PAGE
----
Becoming Comfortable with Supercomplexity: Looking Back, Forward, In, Out, and Shaking it About!

Becoming Comfortable with Supercomplexity: Looking Back, Forward, In, Out, and Shaking it About!

Mark Selkrig (Victoria University, Australia) and (Ron) Kim Keamy (Victoria University, Australia)
Copyright: © 2017 |Pages: 17
DOI: 10.4018/978-1-5225-1738-2.ch019

Abstract

In this chapter the authors map various lines of flight they have taken that have informed their growing awareness of supercomplexity as a paradigm appropriate for the current epoch. Rather than concentrating on being researchers, the authors focus on how they are always becoming researchers, in between, like a rhizome. Illustrative accounts of the authors' research biographies are provided. They utilize a semi-fictional narrative, with images as a way to overlay fact-oriented research with fiction, in order to “play” with different ways of representing research. In the final section of the chapter, a number of emergent concerns, challenges and possibilities are considered in relation to working with supercomplexity. These musings offer the authors, as rhizome researchers with many conceptual tools and practices, a way to be open to new types of inquiry—a process that could be described as simultaneously knowing but not knowing.
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Introduction

Metaphors pepper the landscape of research, the work that researchers do, and has been the focus of research itself (for instance, Midgley, Trimmer, & Davies, 2013). The metaphor of the researcher as a mystery novelist, “detecting the paradigm,” is used in Chapter 2. Even though we were already comfortable using metaphors in our work, the title of our chapter was initially generated as a reference to the childhood dance, The Hokey Pokey. We thought that a dance metaphor would provide us with a way of exploring different steps involved in how we might design and undertake research. We also figured that as a consequence of thinking through the writing of this chapter, we would inevitably be re-framing and shaking our existing ideas of research about.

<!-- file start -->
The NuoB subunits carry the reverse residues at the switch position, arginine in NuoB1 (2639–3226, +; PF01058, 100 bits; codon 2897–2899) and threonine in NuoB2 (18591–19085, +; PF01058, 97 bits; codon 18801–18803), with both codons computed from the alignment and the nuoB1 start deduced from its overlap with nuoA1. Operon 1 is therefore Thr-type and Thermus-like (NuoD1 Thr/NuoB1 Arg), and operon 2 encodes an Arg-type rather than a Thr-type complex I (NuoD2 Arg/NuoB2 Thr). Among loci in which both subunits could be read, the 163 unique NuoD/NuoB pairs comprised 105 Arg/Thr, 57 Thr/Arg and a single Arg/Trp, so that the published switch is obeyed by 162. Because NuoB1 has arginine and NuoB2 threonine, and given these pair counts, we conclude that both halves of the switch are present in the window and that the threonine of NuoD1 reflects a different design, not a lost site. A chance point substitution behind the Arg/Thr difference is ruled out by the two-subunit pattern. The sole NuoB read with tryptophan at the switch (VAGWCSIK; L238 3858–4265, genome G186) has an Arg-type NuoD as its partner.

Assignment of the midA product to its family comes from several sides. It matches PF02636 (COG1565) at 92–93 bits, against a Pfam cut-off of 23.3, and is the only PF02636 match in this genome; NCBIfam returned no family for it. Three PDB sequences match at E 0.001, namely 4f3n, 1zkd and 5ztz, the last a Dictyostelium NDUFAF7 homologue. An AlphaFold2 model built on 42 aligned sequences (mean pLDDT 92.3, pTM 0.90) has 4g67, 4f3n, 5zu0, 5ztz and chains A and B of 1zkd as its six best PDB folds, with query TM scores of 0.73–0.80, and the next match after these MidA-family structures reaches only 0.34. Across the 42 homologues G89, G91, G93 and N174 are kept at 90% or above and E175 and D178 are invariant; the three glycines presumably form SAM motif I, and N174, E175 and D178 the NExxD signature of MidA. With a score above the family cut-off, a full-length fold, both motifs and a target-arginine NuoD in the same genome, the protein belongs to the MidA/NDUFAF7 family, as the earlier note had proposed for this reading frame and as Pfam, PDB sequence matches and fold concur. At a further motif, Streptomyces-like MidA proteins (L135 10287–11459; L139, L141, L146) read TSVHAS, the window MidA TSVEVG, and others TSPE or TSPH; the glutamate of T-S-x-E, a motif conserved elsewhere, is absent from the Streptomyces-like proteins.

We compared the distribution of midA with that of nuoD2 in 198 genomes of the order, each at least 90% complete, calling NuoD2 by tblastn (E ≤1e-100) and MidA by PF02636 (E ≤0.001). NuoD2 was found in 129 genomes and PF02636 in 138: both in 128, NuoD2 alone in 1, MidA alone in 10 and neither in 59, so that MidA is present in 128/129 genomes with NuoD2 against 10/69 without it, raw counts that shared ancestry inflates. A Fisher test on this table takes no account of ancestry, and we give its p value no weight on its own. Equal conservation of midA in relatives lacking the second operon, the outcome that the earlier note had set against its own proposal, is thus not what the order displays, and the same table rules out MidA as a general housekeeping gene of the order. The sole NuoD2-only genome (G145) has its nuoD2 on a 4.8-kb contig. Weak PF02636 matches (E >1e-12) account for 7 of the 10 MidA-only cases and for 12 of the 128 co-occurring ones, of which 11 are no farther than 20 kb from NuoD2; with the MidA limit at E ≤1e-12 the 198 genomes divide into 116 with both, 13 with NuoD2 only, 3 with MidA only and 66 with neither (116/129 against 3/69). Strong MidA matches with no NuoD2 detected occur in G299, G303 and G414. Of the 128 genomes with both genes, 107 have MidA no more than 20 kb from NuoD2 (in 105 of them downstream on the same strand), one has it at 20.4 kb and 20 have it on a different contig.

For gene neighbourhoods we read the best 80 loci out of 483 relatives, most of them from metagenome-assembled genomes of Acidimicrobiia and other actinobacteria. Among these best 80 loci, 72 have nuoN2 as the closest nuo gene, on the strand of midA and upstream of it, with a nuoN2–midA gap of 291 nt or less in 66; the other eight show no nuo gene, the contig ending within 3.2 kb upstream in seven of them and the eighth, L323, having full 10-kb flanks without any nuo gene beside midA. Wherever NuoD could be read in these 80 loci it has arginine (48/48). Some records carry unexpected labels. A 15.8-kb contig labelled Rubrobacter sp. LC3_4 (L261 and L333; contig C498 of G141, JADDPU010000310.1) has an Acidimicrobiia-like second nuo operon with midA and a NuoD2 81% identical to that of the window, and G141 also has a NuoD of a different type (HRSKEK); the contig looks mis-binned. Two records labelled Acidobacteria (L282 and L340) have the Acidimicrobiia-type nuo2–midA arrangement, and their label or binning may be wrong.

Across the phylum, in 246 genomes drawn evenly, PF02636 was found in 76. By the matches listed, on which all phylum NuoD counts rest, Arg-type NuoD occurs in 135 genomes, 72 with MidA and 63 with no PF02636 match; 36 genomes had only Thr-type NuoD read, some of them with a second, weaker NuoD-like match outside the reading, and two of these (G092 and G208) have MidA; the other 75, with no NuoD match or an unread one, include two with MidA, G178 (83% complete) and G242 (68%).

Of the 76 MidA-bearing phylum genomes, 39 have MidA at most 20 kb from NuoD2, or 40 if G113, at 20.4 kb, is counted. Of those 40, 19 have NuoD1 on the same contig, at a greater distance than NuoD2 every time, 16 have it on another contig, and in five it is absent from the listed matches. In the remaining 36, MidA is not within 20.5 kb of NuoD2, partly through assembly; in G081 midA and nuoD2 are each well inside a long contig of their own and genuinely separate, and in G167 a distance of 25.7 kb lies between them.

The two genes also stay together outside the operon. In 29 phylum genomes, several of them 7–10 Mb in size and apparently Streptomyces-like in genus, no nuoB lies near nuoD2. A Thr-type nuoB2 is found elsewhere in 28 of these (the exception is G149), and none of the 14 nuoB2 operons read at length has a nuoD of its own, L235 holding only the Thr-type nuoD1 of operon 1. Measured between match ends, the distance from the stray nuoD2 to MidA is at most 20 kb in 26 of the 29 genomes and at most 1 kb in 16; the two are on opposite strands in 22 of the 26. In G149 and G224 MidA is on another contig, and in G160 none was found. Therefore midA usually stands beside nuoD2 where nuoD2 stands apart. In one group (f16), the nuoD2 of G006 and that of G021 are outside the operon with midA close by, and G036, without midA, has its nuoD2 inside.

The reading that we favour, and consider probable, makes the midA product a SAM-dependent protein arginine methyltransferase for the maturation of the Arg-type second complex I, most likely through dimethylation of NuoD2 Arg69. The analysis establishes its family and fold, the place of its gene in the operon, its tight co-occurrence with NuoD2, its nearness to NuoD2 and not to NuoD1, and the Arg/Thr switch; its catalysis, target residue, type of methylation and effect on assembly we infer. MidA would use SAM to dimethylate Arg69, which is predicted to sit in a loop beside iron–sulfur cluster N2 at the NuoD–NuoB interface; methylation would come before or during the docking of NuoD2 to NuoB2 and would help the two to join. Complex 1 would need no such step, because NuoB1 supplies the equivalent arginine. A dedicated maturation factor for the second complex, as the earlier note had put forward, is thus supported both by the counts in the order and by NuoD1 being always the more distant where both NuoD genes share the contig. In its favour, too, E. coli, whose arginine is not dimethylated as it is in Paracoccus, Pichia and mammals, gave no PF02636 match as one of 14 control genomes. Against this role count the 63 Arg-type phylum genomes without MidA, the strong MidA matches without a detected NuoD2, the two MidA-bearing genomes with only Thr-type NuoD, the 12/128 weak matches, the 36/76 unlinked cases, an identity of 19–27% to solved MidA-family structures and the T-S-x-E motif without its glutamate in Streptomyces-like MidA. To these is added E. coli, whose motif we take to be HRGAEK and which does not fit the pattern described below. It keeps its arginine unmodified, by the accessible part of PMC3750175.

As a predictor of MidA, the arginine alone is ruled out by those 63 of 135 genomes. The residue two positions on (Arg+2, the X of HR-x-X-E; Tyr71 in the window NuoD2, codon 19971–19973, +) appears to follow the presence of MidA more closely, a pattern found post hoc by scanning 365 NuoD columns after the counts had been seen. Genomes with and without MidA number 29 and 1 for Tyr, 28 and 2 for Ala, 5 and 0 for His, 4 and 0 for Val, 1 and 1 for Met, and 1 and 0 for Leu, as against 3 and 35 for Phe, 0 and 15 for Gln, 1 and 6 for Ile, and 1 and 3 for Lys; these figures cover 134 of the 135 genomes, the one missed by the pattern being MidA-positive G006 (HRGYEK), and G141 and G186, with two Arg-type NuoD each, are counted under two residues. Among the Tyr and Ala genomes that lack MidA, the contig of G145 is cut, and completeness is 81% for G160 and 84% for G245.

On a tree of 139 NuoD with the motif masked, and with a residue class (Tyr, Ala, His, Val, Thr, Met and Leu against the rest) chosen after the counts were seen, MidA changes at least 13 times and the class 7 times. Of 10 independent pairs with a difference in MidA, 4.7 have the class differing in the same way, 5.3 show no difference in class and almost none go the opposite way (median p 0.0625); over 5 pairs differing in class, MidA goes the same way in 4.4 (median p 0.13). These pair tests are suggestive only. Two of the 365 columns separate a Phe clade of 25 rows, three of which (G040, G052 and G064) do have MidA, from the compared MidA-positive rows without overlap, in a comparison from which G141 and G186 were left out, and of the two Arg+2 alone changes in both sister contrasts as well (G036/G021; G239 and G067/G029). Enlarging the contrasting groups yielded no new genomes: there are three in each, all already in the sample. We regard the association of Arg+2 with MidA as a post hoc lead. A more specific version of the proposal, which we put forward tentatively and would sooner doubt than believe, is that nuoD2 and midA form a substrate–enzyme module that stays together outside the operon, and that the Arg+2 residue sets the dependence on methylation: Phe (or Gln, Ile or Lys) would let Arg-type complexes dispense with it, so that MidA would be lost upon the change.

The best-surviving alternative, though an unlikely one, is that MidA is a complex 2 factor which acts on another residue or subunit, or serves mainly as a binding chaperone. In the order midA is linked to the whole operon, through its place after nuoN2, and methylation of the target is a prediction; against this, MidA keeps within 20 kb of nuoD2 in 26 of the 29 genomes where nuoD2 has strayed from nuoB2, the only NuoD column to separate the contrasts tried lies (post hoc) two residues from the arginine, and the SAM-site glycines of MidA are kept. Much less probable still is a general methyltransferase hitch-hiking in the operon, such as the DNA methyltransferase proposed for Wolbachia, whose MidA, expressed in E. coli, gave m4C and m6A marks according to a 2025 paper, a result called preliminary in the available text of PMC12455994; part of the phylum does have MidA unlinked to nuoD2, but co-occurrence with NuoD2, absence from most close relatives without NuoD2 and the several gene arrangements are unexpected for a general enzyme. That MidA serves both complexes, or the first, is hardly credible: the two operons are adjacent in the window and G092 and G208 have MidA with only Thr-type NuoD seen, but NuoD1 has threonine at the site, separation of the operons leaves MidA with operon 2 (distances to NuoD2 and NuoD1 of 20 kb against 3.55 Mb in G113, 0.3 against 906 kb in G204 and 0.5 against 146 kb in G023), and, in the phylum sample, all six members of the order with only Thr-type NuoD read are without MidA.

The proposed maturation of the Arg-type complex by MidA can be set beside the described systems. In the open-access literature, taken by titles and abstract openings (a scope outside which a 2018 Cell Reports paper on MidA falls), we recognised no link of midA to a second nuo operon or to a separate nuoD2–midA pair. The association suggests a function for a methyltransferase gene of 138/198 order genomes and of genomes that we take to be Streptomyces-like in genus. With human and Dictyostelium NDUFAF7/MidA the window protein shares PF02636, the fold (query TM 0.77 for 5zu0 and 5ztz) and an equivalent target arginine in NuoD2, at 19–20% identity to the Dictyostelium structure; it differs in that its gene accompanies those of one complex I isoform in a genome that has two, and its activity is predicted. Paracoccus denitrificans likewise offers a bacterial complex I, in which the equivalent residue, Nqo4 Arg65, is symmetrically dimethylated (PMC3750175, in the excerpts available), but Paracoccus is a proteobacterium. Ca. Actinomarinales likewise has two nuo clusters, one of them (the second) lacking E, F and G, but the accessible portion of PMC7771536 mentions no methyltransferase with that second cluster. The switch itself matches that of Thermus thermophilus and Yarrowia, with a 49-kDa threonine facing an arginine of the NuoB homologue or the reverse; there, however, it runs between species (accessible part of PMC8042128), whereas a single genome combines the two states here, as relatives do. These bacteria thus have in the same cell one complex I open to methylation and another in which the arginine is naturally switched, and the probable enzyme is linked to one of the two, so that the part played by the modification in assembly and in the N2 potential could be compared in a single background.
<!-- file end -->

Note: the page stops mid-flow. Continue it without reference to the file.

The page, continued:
We are approaching this chapter as a predominantly reflexive task, mapping our own various lines of flight, as a way to process the emergence of our growing awareness of supercomplexity (for instance, in Barnett, 2000b) as a paradigm appropriate for the current epoch, which Bauman (2014) refers to as “liquid modernity.” For us we see reflexivity as having moved beyond an awareness of the ways biography shapes research and concur with the notion that reflexivity is “a deconstructive exercise for locating the intersections of author, other, text, and world, and for penetrating the representational exercise itself” (Macbeth, 2001, p. 35).

The “we” in this chapter have been research collaborators for many years and in the next section draw on some of the projects in which we have worked together, as well as those in which we have pursued our own research trajectories. And rather than concentrating on being a researcher, in this chapter we explore how we are always becoming researchers, in between, like a rhizome. As Deleuze and Guattari (1987) state,

unlike trees or their roots, the rhizome connects any point to any point and its traits are not necessarily linked to traits of the same nature . . . it has neither a beginning nor end, but always in the middle (milieu) [original emphasis] from which it grows . . . it has multiple entryways and exits and its own lines of flight. (Deleuze & Guattari, 1987, p. 21)

Using the rhizome metaphor in the past has offered us a way to visualize and describe how research is messy, entangled, and far from linear. It conjures an image of the multiple inter-relational connections that occur in transitory, haphazard or undetermined ways in the process of becoming a researcher. As “rhizome researchers” (Clarke & Parsons, 2013), we continue to use the rhizome metaphor in this chapter within and alongside the dance metaphor, with the latter providing section headings to guide our writing. As a first entryway we provide a brief and selective narrative of our respective biographies as neophyte researchers. We then concentrate on a particular research project in which we were both involved as researchers in a P-9 school in Melbourne (Australia) because in terms of Deleuze and Guattari (1987) it became a “plateau”—an activity of heightened intensity that left an afterimage for us; something that could be revived or inserted into other activities.

We then turn our focus to our respective journeys, with one of us as researcher and the other as a research participant in a university-focused research project. At this point in the chapter, we introduce a semi-fictional narrative, which is a literary device used “when fiction[al] form is laid over a ‘fact-oriented’ research process” (Agar, 1990, as cited in Whiteman & Phillips, 2008, p. 294). Whiteman and Phillips consider that a semi-fictional approach can help to “reframe data and representational process through discursive play” (pp. 294-295), thereby providing a benefit for academic theorizing. “What is important,” they say, “is to weave together fragments of social ‘data’ with the creative licence to make the theoretical insights of the researcher vivid and easily available to the reader” (Whiteman & Phillips, 2008, p. 296).

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